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Cochrane Database Syst Rev. 2012 Sep 12;(9):CD004868. doi: 10.1002/14651858.CD004868.pub3.

Late erythropoietin for preventing red blood cell transfusion in preterm and/or low birth weight infants.

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Neonatal Intensive Care Unit, Kilbil Hospital, Nashik, India.



Low plasma levels of erythropoietin (EPO) in preterm infants provide a rationale for the use of EPO to prevent or treat anaemia.


To assess the effectiveness and safety of late initiation of EPO (initiated at eight days after birth or later) in reducing the use of red blood cell (RBC) transfusions in preterm and/or low birth weight infants.


For this update MEDLINE, EMBASE, CINAHL, and The Cochrane Library were searched in March 2012. Additional searches included the Pediatric Academic Societies Annual Meetings from 2000 to 2012 (Abstracts2 View(TM)) and clinical trials registries (;; and


Randomised or quasi-randomised controlled trials of late initiation of EPO treatment (started at ≥ eight days of age) versus placebo or no intervention in preterm (< 37 weeks) and/or low birth weight (< 2500 g) neonates.


Data collection and analyses were performed in accordance with the methods of the Cochrane Neonatal Review Group.


In this 2012 update one new study for inclusion was identified. Twenty-eight studies enrolling 1361 preterm infants in 21 countries were included. Most trials were of small sample size. The meta-analysis showed a significant effect on the use of one or more RBC transfusions [typical risk ratio (RR); 0.66 (95% confidence interval (CI); 0.59 to 0.74); typical risk difference (RD) -0.21 (95% CI; -0.26 to -0.16); typical number needed to benefit (NNTB) of 5 (95% CI 4 to 6) 19 studies, 912 infants]. There was moderate heterogeneity for this outcome [for RR (P < 0.00001; I(2) = 74.0%); for RD (P = 0.0006; I(2) = 58.9%)]. Similar results were obtained in secondary analyses based on different combinations of high/low doses of EPO and iron supplementation. In this update there was no significant reduction in the total volume (mL/kg) of blood transfused per infant [typical MD -1.61mL/kg (95% CI -5.78 to 2.57); 5 studies, 197 infants] There was high heterogeneity for this outcome (P = 0.00001, I(2) = 92%). There was a significant reduction in the number of transfusions per infant (nine studies enrolling 567 infants); [typical MD -0.78 (-0.97 to -0.59)]. Three studies including 331 patients reported on retinopathy of prematurity (ROP) (all stages), with a typical RR 0.79 (95% CI 0.57 to 1.10) and a typical RD of -0.05 (95% CI -0.13 to 0.02). This outcome was not statistically significantly different between the groups. There was no heterogeneity for this outcome for either RR (P = 0.41; I(2) = 0%) or RD (P = 0.43; I(2) = 0%). Two trials enrolling 212 patients reported on severe ROP (stage 3 or greater). The typical RR was 0.83 (95% CI 0.23 to 2.98) and the typical RD was -0.01 (95% CI -0.06 to 0.05); neither were statistically significant. There was no heterogeneity for this outcome for either RR (P = 0.29; I(2) = 9.3%) or RD (P = 0.36; I(2) = 0%).There were no significant differences in other clinical outcomes. Long-term neurodevelopmental outcomes were not reported.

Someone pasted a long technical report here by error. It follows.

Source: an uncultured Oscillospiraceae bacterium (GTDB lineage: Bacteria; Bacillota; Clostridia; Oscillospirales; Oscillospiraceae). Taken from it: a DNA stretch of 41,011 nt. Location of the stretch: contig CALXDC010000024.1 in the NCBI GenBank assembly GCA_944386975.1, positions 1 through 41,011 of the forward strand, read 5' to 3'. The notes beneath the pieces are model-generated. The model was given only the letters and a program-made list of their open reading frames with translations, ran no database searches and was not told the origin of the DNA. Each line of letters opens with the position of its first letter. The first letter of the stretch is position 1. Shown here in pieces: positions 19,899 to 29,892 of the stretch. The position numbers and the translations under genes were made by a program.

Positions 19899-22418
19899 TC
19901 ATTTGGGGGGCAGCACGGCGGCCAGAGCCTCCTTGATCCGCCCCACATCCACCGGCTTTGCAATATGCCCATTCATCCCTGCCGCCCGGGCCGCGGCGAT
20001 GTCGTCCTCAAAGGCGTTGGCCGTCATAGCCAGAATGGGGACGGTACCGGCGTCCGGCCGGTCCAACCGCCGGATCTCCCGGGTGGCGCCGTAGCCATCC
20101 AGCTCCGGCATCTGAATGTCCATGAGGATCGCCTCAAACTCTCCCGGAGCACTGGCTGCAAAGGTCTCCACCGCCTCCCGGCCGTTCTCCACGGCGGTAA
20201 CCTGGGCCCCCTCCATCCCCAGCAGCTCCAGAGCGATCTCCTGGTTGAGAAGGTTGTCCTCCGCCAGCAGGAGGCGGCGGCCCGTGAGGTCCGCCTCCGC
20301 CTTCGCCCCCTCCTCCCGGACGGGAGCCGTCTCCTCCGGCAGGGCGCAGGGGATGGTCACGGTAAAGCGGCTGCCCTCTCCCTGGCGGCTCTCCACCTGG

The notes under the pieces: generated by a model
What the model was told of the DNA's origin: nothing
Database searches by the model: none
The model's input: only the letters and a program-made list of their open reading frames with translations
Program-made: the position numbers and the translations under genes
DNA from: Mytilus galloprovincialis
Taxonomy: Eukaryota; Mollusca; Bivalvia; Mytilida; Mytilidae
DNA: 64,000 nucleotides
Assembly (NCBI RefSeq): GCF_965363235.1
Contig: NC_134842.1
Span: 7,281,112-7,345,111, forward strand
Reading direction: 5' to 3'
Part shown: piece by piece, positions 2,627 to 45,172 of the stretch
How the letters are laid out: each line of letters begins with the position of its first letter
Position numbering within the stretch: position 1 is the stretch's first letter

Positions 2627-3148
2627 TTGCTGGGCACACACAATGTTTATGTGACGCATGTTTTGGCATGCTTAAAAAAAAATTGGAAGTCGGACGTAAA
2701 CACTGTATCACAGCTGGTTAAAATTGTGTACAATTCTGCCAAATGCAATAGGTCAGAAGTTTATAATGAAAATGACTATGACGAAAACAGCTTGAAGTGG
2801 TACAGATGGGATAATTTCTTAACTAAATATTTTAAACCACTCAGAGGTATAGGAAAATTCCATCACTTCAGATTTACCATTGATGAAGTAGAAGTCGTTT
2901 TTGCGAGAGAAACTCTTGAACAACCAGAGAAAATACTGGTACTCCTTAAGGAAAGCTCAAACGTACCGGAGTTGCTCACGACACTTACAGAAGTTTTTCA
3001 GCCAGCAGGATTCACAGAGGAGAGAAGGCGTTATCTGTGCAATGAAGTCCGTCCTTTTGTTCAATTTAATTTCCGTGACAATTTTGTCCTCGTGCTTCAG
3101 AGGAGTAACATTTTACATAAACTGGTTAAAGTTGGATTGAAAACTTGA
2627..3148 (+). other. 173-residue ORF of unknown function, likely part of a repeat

Late administration of EPO reduces the use of one or more RBC transfusions, the number of RBC transfusions per infant but not the total volume of RBCs transfused per infant. Any donor exposure is likely not avoided as most studies included infants who had received RBC transfusions prior to trial entry. Late EPO does not significantly reduce or increase any clinically important adverse outcomes. Further research of the use of late EPO treatment to prevent donor exposure is not indicated. Research efforts should focus on limiting donor exposure during the first few days of life in sick neonates, when RBC requirements are most likely to be required and cannot be prevented by late EPO treatment.

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